Image courtesy of Gamze Kirik
The Australia Times (TAT): When did you first start doing stand-up?
Gamze Kirik (GK): About 3 years ago. I finished my post-grad in economics and hated it. Once I graduated I Googled “open mics Melbourne” messaged a few people and got a spot and haven’t stopped since
TAT: Where was it and how did it go?
GK: A small bar in Richmond. It was just before the Comedy Festival and the venue has a special “pre-comedy festival night” and was packed out. The advice I got from watching an interview with comedians was “your first time will go badly but it’s ok”, when I did my set, it went surprising very well.
TAT: Why do you like comedy?
GK: It’s a creative outlet. A lot of comedy is discovering who you are as a person and trying to express that humorously. I used to be very shy and don’t necessarily have a dominant personality, so it’s really nice to be able to get a platform to express myself as a person and an artist.
TAT: What’s an average day for you like, do you have a day job?
GK: I work from 9pm-5:30pm Monday to Friday and have another job on the weekends. I usually exercise at least twice a week, a lot of my days are work -exercise – get dressed in the toilets of the gym – eat in the car on the way to my gig – go home late. Or work go home very briefly and then go to a gig.
TAT: How do you come up with your material?
GK: It’s usually personal experiences, something I did or something my family did. But mostly I think ‘wouldn’t it be funny if…’ I like to think of myself on stage and how I will go about saying the jokes and what will I emphasise. The general nuances of telling a story.
TAT: Who are your favourite comedians?
GK: Celia Pacquola, Joise Long and Mike Birbiglia
TAT: How would you describe your style?
GK: I generally wouldn’t. But if I had to describe it I would say; sometimes dry, sometimes cheeky, but almost always happy and optimistic.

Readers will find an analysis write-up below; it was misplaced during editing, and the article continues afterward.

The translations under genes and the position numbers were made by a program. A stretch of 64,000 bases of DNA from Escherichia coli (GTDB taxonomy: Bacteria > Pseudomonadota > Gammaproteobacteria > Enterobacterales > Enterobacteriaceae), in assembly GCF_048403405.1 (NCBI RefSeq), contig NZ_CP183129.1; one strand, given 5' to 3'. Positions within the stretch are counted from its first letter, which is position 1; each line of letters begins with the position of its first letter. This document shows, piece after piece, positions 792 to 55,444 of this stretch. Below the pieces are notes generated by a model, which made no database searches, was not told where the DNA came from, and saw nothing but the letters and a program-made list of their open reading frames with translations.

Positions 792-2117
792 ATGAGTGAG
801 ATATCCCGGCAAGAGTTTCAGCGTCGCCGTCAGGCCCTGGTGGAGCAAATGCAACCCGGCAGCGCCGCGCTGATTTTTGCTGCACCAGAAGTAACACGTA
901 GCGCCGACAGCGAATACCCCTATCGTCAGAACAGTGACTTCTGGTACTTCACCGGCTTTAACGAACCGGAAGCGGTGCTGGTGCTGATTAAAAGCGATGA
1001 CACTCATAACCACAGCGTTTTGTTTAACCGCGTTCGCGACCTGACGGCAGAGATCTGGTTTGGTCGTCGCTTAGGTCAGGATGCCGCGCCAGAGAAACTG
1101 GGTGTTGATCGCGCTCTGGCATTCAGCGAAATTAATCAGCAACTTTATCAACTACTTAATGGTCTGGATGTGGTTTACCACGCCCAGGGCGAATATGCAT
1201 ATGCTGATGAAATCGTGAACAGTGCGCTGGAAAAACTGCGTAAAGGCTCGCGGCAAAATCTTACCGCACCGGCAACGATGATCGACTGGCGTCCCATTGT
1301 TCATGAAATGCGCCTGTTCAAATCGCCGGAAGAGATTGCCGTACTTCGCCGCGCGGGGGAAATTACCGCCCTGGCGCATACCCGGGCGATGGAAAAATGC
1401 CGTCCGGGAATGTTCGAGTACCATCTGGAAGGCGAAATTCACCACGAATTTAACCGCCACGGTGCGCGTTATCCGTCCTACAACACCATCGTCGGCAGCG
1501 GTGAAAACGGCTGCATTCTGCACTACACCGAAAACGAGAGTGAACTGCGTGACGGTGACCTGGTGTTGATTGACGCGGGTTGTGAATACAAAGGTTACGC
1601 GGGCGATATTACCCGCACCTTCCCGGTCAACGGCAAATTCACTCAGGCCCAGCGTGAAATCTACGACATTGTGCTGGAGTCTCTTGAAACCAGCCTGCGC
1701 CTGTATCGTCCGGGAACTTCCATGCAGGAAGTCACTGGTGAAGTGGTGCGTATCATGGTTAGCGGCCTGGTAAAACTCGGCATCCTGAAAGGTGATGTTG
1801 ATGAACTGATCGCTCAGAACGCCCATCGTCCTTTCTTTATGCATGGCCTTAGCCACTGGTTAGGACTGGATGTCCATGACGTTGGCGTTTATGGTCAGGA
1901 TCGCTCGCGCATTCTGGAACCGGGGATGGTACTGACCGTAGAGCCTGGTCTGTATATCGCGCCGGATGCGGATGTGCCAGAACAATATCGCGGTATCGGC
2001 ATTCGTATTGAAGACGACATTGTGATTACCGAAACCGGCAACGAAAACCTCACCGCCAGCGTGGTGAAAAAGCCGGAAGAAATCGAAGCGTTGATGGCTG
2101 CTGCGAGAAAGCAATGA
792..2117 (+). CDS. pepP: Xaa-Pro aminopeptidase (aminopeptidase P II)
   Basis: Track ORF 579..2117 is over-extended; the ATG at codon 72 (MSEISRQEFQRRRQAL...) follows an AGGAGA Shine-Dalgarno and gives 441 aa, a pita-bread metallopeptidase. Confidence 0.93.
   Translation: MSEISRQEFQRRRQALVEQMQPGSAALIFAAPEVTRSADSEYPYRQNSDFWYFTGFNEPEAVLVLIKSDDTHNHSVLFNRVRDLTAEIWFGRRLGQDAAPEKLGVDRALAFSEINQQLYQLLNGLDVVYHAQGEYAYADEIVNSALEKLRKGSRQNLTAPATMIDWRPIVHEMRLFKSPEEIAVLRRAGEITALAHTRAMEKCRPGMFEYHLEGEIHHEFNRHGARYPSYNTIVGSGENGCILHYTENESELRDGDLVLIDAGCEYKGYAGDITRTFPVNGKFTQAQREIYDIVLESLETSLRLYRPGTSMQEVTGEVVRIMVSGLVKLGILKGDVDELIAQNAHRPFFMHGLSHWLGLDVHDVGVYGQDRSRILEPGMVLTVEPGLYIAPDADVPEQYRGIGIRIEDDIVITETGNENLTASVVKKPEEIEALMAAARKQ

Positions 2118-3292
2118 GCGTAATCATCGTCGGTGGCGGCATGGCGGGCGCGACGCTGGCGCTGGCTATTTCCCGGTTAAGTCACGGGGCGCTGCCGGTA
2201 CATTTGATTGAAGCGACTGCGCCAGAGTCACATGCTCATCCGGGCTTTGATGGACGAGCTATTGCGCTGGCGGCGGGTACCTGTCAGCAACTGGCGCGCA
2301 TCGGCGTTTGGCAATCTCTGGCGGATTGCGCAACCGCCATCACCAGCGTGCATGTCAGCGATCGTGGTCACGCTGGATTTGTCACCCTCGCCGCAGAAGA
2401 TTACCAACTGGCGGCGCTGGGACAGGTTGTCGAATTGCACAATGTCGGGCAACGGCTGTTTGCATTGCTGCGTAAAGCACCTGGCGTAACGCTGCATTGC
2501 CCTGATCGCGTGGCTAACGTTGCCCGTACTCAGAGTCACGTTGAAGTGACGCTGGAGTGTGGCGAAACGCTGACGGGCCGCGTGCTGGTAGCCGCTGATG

TAT: “Comedians are damaged people” Discuss
GK: Potentially. There is something weird about people trying to constantly get immediate validation from strangers. But also, aren’t we all a little damaged by our experiences? Comedians are the only ones exploiting their personal damages for laughs.
TAT: What’s been your favourite or most memorable moment on stage?
GK: This one night a very drunk man was being very obtuse. He kept interrupting and being rude. During my set, I turned out to be have surprisingly witty comebacks to hits unwarranted outbursts. Witty enough for him to eventually stop talking for the rest of the show.
TAT: Do you like audience interaction?
GK: Generally, I don’t do a lot of audience interaction. But if it’s going well it can be an informative and fun experience.
TAT: Do you feel like it’s you on stage or a character?
GK: I feel as though it is me. Like a part of me. Humans are very 3D with complexities and nuances. I think when I’m on stage you see a side of me but not the whole me.
TAT: Where do you perform normally?
GK: Most places in Melbourne and occasionally beyond. I have performed in Adelaide and the Gold Coast, as well as around Victoria including, but not limited to Mornington, Ballarat, Warrnambool and Geelong.
TAT: Okay, tell us about the show!
GK: I’m presenting a showcase of inter-state and international comedians!
TAT: Why should people come and see it?
GK: It will be a super diverse night with some of the best comedians
TAT: What’s your favourite object?
GK: I hate to be one of “those people” but love my smart phone. It’s got the internet, maps, social media and emails. It is so good to me I almost don’t need a computer.
You can see ‘Across Australia and MORE!’…
When: Thursday, Friday and Saturday at 10:30pm, from 6th – 22nd April
Where: Speakeasy HQ 522 Flinders Street, Melbourne
Information: Venue is wheelchair accessible